# Gaming Discussion

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# Damage Die Increase

Damage Die Increase

I know there are specific rules for increase the damage from attacks but here is my quandary: why does it have to be d6s or d8s etc? I made a tiered strength increase talent for a D20 Modern game, each level gave a +2 strength and additional melee and unarmed damage. 1st 1d6, 2nd 1d8, 3rd 1d10, 6th 1d12, 9th 1d20. I did this because it seemed cool and dramatic to me. An old school gamer friend of mine reacted as though I suggested inserting that d20 into his urethra. He says that under no circumstance should you EVER use a d20 for damage. I love the guy, even if he is a stodgy old bastard, but I think he's over reacting. Discuss

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In the immortal words of James the Wanderer 'A road of gold is both loud and slippery'

You make it sound like his only reason for disliking the notion is silly tradition, but there are some fairly rational reasons to avoid it.

It has a very broad, flat range of randomness. While a 1d8 doesn't vary the total damage by much, a 1d20 will range from "won't kill a kobold" 1 to "take a chunk out of a dragon" 20, and because the probability with one die is flat, they'll both happen with regularity. The end result is that hitting someone no longer becomes the important hurdle. You have to hit that person, and then assure that your damage isn't strangely negligible.

Doubling up on dice give the probability graph a curve to it, which gives a greater sense of what one can expect with a hit. Compare 2d10 to 1d20. They have similar ranges (2-20 vs. 1-20) but 2d10 scores its lowest value 2 only 1 in 100 rolls, and its middle value, 11, 1 in 10 rolls, so 2 feels like a calamitous failure, and a 20 feels like a stunning success, rather than something which happens all the time.

I'd go with the standard D&D size increases - 1d6, 1d8, 2d6, 3d6, 4d6, 6d6, 8d6, 12d6.
Or with 1d6, 1d8, 2d6, 2d8, 2d10.
Once you get outside the normal dice, the range starts getting a bit random.

Fair enough. I just kind of like the idea of throwing d20s for damage. "I punch him in the face! 1d6+7+1d20, booyah!" As a player that would make me feel like a bad ass. As a GM, though, I can completely see your point.
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"Sometimes glass glitters more than diamonds because it has more to prove." Terry Pratchett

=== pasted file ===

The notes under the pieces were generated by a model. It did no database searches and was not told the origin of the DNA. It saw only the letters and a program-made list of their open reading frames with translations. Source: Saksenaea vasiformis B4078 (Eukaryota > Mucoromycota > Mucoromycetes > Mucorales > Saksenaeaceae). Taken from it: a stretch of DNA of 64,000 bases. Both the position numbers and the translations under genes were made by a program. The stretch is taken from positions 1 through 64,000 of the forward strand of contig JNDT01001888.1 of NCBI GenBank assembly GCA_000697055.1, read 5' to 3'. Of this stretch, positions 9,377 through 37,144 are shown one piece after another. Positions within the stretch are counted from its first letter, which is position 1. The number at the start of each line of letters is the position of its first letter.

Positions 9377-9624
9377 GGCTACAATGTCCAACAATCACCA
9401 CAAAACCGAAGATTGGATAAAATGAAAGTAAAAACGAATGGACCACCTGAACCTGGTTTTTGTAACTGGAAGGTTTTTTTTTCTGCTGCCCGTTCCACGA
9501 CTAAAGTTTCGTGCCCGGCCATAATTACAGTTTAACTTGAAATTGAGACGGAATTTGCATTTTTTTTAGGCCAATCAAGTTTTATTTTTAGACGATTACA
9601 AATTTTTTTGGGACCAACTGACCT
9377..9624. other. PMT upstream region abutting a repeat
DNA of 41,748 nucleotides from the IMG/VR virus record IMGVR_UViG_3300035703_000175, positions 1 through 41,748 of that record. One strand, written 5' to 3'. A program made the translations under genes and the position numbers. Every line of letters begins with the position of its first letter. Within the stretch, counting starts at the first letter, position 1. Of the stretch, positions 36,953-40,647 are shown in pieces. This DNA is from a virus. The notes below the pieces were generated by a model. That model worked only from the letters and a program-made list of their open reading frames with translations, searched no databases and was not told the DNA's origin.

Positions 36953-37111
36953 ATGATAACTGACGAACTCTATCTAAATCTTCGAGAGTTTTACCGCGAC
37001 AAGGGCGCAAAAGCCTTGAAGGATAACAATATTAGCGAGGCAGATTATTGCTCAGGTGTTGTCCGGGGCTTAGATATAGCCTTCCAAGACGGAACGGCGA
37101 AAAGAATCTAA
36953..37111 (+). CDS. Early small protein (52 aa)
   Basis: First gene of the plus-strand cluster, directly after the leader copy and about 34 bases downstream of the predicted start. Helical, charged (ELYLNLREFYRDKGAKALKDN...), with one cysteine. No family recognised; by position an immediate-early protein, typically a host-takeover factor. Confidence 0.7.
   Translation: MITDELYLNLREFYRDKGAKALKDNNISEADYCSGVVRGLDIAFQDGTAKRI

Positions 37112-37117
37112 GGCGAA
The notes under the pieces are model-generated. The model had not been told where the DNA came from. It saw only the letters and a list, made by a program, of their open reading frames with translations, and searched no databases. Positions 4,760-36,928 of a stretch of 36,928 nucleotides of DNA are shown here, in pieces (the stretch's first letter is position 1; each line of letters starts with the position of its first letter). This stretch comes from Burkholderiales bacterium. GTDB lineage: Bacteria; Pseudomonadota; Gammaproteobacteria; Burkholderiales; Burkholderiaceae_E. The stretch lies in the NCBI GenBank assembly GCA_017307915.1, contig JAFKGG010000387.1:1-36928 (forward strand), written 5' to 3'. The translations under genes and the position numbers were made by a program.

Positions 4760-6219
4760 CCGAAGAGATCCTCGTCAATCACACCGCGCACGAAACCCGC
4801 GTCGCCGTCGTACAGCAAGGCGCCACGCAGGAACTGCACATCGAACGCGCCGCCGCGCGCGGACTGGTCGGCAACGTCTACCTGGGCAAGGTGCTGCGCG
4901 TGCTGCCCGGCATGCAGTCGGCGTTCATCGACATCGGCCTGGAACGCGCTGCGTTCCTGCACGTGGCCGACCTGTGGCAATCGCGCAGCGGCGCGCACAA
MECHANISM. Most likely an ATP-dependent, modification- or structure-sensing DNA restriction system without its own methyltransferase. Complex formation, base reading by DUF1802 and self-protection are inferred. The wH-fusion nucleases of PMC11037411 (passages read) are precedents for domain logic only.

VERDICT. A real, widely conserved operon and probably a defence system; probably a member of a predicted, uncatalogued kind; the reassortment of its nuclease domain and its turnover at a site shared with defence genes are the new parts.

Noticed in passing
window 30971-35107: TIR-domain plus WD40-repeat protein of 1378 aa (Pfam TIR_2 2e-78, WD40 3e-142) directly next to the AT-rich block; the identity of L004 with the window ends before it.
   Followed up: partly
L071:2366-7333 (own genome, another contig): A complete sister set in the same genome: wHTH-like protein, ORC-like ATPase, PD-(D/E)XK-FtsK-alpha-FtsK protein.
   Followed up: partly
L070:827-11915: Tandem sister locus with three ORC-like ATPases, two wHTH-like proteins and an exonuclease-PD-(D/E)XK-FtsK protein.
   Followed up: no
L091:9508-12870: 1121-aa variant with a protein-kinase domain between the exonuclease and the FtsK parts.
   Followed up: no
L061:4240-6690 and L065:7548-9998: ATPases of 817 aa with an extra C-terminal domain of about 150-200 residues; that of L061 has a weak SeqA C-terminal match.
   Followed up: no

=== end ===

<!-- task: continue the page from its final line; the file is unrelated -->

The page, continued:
It's actually more advantageous to the players to avoid the 1d20 damage than it is to the DM. Consistency favors the players. Randomness favors the monsters.

To a certain degree, Jack Mann. It certainly makes long term planning, which players have to deal with and monsters don't, more difficult and risky.

On the other hand, a wide flat distribution range is to your advantage in overcoming damage reduction. Despite the fact that the average roll of a 1d20 is 10.5, and 2d10 is 11, 1d20-10 averages 2.75 damage per hit, while 2d10-10 averages 2.2. This is because the minimum damage an attack can do is 0. And since players rarely have damage reduction, and monsters often do, it sometimes favours the players.

Edit: Sorry, mixed up the math initially.

Great Elder Bookwyrn

It's not that simple. The biggest complication, players will or at least should always have some static damage bonuses to offset that DR. Lets say the player in question has a not at all unreasonable +5 to damage. Effectively that's 1d20-5 and 2d10-5. 1d20-5 has a 25% chance of no damage at all, 2d10-5 only 10%.

I can't do the average damage calculation in my head for that scenario.

Here's a Google Docs of the excel sheet I was messing with:

At -5, the average is 6 for 1d20 and 6.1 for 2d10, which indicates its already started to gain, since 1d20 starts with .5 less on average than 2d10. I think 1d20 starts to gain advantage when the sum of bonuses and penalties is -2 or less. Try changing the value subtracted from 5 and you'll see why. 2d10 gets it maximum only when two 0s are rolled, while 1d20 gets its maximum 1 out of 20 times. The disadvantage of 1d20 is its easy-to-roll 1, but that becomes less and less important the more 0s are on the chart.

Hound of the Hunt

Where is this 'DR can't reduce total damage to 0' rule?
I'm not familiar with it.

Damage Resistance can't reduce damage below zero. It's not a rule, it's common sense! But it affects the math significantly.